2. Buyers should view the property thoroughly, particularly when looking at fire sale assets as the condition of these tend to be below par.
3. Research should be carried out on the immediate and surrounding areas to help buyers ascertain the true value of the property, having regard to the local demand and supply or over-supply as the case may be.
4. Mortgaged buyers who intend to finance their purchase by way of a mortgage must consult with their lender in advance and let them know about the auction and the property being pursued. It is absolutely essential to receive written approval in principle in advance of attending the auction.
5. Buyers are advised to have the property surveyed by a qualified engineer or building surveyor
6. The next step is for the buyer to take up a copy of the draft contract for sale together with the copy title deeds and supporting documentation from the seller’s solicitor and have their own solicitor inspect same. One word of caution, where the contracts and title are not made available until a few days before the auction, this may be strategic and a particularly thorough inspection is advised.
7. The final task before the big day is for buyers to set their ideal price and maximum limit, which is not necessarily the maximum mortgage approval or maximum budget but rather the most the property is worth to the buyer.
On the day
Before the auction kicks off, the seller’s solicitor will read through the essentials of the title and through the special conditions of sale attaching to the property. Queries on title will be dealt with at this stage but no intending bidder should be hearing about the title for the first time five minutes before bidding starts.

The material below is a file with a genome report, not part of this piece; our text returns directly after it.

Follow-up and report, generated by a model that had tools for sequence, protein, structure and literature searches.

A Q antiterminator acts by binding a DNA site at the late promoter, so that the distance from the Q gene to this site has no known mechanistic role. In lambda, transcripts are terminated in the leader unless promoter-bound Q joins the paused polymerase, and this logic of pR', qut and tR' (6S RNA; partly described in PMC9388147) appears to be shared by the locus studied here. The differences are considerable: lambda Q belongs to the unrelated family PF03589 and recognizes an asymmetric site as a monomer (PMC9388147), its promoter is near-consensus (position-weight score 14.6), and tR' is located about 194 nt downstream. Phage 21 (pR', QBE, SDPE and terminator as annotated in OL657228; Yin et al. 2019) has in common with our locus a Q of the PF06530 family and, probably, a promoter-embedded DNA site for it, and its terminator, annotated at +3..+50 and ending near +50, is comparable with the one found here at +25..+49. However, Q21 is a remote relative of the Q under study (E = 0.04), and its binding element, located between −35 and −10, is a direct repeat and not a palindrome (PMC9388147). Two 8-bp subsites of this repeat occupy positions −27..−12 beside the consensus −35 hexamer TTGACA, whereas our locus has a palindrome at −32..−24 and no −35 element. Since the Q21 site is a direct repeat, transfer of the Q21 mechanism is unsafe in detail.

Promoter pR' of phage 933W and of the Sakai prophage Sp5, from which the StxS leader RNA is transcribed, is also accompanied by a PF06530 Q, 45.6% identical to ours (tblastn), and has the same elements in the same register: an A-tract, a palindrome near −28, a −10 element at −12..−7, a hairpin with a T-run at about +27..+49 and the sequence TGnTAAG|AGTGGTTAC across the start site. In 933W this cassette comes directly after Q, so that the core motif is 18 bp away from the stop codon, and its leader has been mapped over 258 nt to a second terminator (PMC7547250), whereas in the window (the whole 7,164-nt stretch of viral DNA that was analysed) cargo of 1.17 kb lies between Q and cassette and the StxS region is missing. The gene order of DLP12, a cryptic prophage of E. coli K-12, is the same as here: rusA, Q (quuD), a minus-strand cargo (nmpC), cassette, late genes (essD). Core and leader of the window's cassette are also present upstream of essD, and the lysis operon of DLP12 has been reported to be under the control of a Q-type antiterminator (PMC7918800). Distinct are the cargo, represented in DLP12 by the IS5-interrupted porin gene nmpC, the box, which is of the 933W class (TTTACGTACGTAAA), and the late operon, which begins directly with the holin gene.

When it comes time for the bidding, there are several different strategies that can be used depending upon the value of the property, number of competing bidders and how much is known about the seller and their circumstances. In most instances, it is sensible to hold back and watch the bidding evolve. If there are two or more bidders, it is not necessary to engage. Let the bidders fight it out until there is only a single bidder left. If, at this stage, the price is in excess of the buyers limit, the buyer should not get involved. If the price is still within range, there is only one other buyer to contend with and this is when the buyer should start.
As the bidding continues, it is easy for buyers to lose control. If this happens, it is important to slow things down. Do not make another bid until absolutely necessary. When it proves necessary to make a further bid to stop another buyer securing the property, alter the value of increase, for example, if successive bids have each increased by 5,000 euro, bid with an increase of 1,000 euro. The auctioneer may refuse to accept this level of increase but it is a risky decision for him to take as he may lose the bidder.
Where a bid is successful, the buyer is obliged to proceed with the purchase. The contracts for sale are signed on the day of the auction and legal deposit handed over, usually 10 per cent of the agreed price. There is no equivalent of a ‘cooling-off period’ that buyers of a washing machine on credit might be afforded. Failure to complete the purchase will result in a forfeiture of the deposit and a potential breach of contract litigation. In contrast to this obligation, the seller has a legal right to withdraw at any stage in the process before hammer falls.
Finally, the greatest pitfall for unprepared buyers is that they might actually be successful in their bid and secure the property but not be in a position to complete the transaction within prescribed period of 28 days. If this happen, the buyers should consult with their solicitor as soon as possible.